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Mr. Speaker, it has been said, "We are United States Marines, and for two and a quarter centuries we have defined the standards of courage, spirit, and military prowess.''
These are words spoken by United States Marine Corps General James Jones. This describes the elitism of those chosen few who wear the title of United States Marines.
Luke Yepsen was one man whose life was making a difference at a very young age. He personified the core values of the United States Marine Corps of honor, courage, commitment.
He was from Kingwood, Texas, a close-knit community near Houston, Texas. He was a graduate of Kingwood High School, and he was known for his big heart and ability to live life to its fullest extent. He enjoyed travel and he was proud of the fact that he had already traveled to 20 different foreign countries in his short lifetime.
Luke deeply cared about his family back home in Texas and his military family. His fellow Marines said he was more than just a friend; he was a brother, a brother to everyone who knew him.
Like many Texans, especially those Texans who go to war, Luke chose to enroll in Texas A&M after high school. During his freshman year, he made a decision to leave Texas A&M University. Gary Yepsen, Luke's father, asked him why he didn't want to graduate college and then enter the United States Marine Corps as an officer. Luke said, "I don't want to go into the Marines to tell people what to do. I want to go into the Marines so they can tell me what to do.''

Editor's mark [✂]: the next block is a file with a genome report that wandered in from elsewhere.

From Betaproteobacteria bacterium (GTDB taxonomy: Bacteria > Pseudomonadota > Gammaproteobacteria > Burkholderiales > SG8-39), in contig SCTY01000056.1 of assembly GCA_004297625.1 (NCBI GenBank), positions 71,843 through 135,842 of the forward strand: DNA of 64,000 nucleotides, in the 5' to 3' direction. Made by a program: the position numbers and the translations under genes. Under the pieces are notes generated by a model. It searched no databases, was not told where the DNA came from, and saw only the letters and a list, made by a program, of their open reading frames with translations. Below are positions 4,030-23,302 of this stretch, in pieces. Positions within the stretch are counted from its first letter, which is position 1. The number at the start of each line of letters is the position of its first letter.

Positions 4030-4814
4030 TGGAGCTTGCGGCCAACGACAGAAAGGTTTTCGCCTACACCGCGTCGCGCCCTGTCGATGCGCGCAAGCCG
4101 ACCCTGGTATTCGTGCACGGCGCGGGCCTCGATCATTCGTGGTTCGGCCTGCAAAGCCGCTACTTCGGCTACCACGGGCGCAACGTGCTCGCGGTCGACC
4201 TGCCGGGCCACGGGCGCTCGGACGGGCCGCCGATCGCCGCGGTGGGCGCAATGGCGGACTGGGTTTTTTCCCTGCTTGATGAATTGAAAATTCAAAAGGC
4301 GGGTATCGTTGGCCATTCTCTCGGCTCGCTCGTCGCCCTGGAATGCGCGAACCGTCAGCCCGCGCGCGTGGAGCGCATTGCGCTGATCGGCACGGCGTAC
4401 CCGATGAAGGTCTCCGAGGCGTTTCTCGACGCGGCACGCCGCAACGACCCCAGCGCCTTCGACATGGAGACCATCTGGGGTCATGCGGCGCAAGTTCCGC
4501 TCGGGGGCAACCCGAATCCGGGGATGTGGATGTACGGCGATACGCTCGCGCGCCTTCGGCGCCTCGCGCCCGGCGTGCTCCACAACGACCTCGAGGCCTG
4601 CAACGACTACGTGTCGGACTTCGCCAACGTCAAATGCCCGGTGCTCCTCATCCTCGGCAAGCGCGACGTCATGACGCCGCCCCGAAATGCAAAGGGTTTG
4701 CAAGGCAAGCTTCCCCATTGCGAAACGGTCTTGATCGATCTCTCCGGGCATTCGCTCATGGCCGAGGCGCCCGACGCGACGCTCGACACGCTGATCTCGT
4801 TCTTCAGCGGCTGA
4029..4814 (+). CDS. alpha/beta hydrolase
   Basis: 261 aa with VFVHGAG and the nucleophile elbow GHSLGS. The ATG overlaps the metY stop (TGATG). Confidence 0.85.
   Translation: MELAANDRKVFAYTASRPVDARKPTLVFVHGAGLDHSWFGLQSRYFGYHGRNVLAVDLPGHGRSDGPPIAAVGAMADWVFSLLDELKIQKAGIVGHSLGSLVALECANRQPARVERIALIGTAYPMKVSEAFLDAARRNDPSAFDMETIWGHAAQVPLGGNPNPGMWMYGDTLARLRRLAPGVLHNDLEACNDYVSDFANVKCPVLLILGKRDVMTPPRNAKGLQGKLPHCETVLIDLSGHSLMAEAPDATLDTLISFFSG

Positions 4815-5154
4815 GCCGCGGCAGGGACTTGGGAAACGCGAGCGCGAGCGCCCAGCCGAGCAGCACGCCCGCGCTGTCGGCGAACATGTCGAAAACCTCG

Here is what President Ronald Reagan said about the Marines: "Some people spend an entire lifetime wondering if they made a difference in the world. But the Marines, they don't have that problem.''
Luke Yepsen was one of those Marines. With faith in God and country, at 18 Luke enrolled in the United States Marine Corps. He was an assaultman, later a mechanic, which came easy to him because of his love of cars. "He had so much courage and pride, you can't even imagine. You could hear it in his voice how proud he was,'' said Luke's brother, Kyle.
In October of 2006, Luke was deployed to Iraq with the 1st Tank Battalion, 1st Marine Division, 1st Marine Expeditionary Force. Amid the violence and anarchy in Iraq, Luke's thoughts never waned from the security of home and American freedom. When told by his college roommate that he was praying for him, Luke quickly responded, "Well, I'm praying for you.''
On December 14, 2006, at the age of 20, Luke, while fighting the forces of evil, was killed by enemy action in Iraq. For his military service, he was awarded the Purple Heart, the Combat Action Ribbon, the National Defense Service Medal, and the Iraq Campaign Medal, the Global War on Terrorism Medal, and the Sea Service Deployment Ribbon.
On the morning of December 22, 2006, hundreds of Kingwood, Texas, residents lined the streets of this community